Investment Scams

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AVOIDING INVESTMENT AND FINANCIAL SCAMS:

The golden rule for avoiding investment scams has long been, "If it seems too good to be true, it probably is." Yet Americans still are stung for millions of dollars every year by con artists offering investment deals that are, literally, too good to be true. The growth of the internet has compounded the problem as access to these scams has increase dramatically.

The following are several common investment scams, updated for the 2000s, and what you can do to avoid them.

Internet Scams. It seems like daily we get information on how to get rich "spammed" into our mailbox from somewhere beyond. They always need our check or credit card to turn pennies into dollars. Common sense should get you a long way in avoiding the computer equivalent of the areas below.

Penny Stocks. Penny stocks are inexpensive stocks issued for new business ventures. At their best, legitimate penny stocks are extremely speculative; at their worst, their prices are easily manipulated by the company and broker-dealers, leaving the unsuspecting investors holding worthless paper.

Precious Metals. Typically, investors are persuaded to invest in gold, silver, or platinum with promises of skyrocketing prices.

Real Estate. Fraudulent real-estate tax shelters, multiple sales of the same worthless land, and developments whose value has been artificially inflated are common real-estate scams. Overselling or misrepresenting time-share units are another popular real-estate rip-off.

Ponzis. Among the oldest of investment frauds, Ponzis work on the principle of hundreds of Peters paying a few Pauls. Early investors (in commodities, real estate, high tech, gold mines, you name it) are paid off or rewarded with money coming in from the succeeding waves of investors, luring still more investors in, until the entire house of cards collapses. The promoters walk away rich.

Oil and Gas. While a legitimate investment area, beware of con artists who use false-front drilling equipment set on worthless land or who sell investments in a huge new "discovery" of oil in an area where there are no known petroleum deposits. These are just two of the many scams in this well-worked "get-rich-quick" field.

How do you avoid these and many other invest investment scams?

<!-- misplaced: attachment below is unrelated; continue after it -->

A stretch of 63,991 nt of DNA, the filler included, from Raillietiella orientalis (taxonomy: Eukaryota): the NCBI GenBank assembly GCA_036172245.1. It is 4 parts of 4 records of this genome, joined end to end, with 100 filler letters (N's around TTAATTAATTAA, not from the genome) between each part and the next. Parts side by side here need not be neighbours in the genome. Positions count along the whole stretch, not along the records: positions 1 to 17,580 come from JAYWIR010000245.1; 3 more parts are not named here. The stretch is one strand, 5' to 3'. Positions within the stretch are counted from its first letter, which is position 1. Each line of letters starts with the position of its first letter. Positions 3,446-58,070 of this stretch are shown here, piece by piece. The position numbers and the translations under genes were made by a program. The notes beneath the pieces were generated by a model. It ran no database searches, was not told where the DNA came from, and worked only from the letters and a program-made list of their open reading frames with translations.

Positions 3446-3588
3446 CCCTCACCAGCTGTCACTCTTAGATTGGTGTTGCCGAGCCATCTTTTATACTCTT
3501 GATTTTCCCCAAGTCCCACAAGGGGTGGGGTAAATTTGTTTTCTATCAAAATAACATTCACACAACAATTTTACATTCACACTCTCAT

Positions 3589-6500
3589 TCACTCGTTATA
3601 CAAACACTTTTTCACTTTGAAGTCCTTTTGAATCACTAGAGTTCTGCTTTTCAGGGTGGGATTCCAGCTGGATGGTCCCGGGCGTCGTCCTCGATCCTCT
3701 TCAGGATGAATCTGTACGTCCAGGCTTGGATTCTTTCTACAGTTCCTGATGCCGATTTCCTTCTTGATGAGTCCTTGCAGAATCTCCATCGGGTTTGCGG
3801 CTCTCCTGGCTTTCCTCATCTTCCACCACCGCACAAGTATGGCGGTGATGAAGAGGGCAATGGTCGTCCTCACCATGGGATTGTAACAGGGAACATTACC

First, never invest over the telephone. Avoid "buy-now" sales pitches. Demand a detailed prospectus and other financial offering materials. Check out any company with your state securities office or Better Business Bureau. Be wary of outrageous promises, such as excessively high interest rates, 50-to-1 returns on real estate, or 500 percent profit on oil and gas investments. If someone promises to double your money, it probably means they are promising to double their money.

Qualified Financial Planners - A qualified professional financial planner can provide valuable assistance in helping you avoid the rip-offs and choose legitimate, appropriate investments by analyzing your financial situation and working with you to meet personal goals.

By selecting a qualified professional financial planner, such as a "Certified Financial Planner®" professional, you can reduce your vulnerability to questionable activities And the key to making that selection is full and accurate disclosure. Disclosure is your window into a prospective planner's business practices and background.

Disclosure usually appears in the form of a brochure or a special disclosure document known as Form ADV Part II. First, determine if the financial planner is registered as a Registered Investment Adviser (RIA) with the Securities and Exchange Commission (SEC). All RlAs are required to disclose the information outlined below in the SEC's ADV Part II form or in an equivalent brochure.

The Institute of Certified Financial Planners recommends that any of its members who are not RlAs provide a model disclosure form to consumers that spells out the same information. Regardless of whether the planner is an RIA, the equivalent information should be disclosed, in writing and in advance of starting an advisory relationship.

Remember The Golden Rule:

"IF IT SEEMS TOO GOOD TO BE TRUE, IT PROBABLY IS."



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